Working in a Hangar

Learning curves are sexy. CVs aren’t.

05 April 2017

Working in a Hangar Image

In the past year, Hangar has started to really grow. Not just in terms of the number of the clients and projects we’re working on (we’re breaking our own records every month, and that’s another story) but in terms of sheer person-power. Hangar doubled in size in 2016 by thoughtfully selecting talented designers, developers, filmmakers and marketers to work with us. And we’re set to do it again in 2017.

No one joins Hangar based on their CV. We select talent based on two things that we think are more important than where a designer has gone to school or where a marketer has worked.

We don’t do interviews. We meet up for informal chats—over a drink when possible—so we actually get to meet each other. This is important because Hangar is one of those rare companies where everyone (and their dogs) fits together. It makes our work and lives better.

We often spend evenings, weekends, even holidays together because we genuinely like each other. Spending time with our colleagues is not required (we don’t have an office) and it’s usually not even planned. It’s spontaneous and natural, and we wouldn’t have it any other way.

At Hangar, we fit together because we are very different in skills, interests and personalities. Steve follows stocks, Cedric composes music, Mike juliennes and sautés. Despite being different, we share a few common beliefs that making working together feel natural and fulfilling:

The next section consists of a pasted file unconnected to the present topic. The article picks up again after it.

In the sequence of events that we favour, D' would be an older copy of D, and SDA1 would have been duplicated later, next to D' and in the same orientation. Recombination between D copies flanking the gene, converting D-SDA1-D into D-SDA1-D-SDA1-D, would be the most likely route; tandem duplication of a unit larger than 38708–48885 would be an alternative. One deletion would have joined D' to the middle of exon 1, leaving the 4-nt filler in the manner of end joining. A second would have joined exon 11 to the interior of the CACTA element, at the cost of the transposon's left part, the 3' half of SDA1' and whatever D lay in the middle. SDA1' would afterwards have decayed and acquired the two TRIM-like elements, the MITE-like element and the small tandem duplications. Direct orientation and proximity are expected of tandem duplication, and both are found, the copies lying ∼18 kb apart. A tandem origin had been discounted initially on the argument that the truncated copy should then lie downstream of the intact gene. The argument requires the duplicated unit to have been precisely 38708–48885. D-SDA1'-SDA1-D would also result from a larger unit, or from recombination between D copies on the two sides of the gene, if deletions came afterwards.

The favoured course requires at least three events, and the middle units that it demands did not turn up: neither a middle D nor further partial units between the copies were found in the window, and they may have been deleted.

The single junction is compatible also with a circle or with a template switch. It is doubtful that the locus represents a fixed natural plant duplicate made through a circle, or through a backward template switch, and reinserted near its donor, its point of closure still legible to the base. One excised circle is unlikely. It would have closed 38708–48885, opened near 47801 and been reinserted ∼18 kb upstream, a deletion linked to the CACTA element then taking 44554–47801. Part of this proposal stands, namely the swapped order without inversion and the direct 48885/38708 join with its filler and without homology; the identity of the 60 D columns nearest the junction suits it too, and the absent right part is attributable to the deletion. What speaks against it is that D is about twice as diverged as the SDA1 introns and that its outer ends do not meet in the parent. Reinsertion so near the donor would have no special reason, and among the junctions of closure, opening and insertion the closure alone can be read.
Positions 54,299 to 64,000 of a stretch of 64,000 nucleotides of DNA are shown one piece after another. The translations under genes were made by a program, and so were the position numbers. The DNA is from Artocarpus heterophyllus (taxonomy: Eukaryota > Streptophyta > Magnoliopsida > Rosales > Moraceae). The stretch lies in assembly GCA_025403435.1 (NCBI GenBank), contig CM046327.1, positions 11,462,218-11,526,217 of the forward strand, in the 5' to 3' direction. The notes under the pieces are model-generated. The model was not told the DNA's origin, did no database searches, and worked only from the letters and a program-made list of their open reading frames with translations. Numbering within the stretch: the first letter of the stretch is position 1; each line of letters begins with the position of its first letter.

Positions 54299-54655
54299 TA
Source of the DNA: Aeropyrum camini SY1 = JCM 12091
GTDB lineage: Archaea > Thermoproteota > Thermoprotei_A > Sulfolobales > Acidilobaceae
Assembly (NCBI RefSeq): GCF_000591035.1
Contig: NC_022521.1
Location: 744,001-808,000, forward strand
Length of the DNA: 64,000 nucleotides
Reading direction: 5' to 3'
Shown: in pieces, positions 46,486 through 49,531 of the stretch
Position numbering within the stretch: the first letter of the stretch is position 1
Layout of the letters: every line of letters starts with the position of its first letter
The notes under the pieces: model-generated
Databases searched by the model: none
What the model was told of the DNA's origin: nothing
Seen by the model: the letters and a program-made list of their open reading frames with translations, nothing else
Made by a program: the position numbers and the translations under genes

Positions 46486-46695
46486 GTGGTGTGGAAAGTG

• We freely share ideas that excite us, projects we admire, new skills, and even homemade lunches.
  • We don’t care about your gender, religion, sexual orientation or politics.
  • We never accept clients or projects that compromise on the values of our colleagues.
  • We work together towards lofty goals, but we do not ask more of each other than is humanly possible. In fact, we pride ourselves on being humans. (The work robots produce just isn’t as good—yet.)

Self-teaching is the most important selection criteria for working at Hangar. Learning curves are sexy. Everyone at Hangar self-teaches constantly.

You must love your practice enough to care about staying a step ahead. We create an environment that offers space for learning, but we expect everyone at Hangar to be proactive in this space. We know from experience that a hunger for learning naturally spills over into your work and work ethic. It is the truest indicator of a great marketer, filmmaker, designer or developer.

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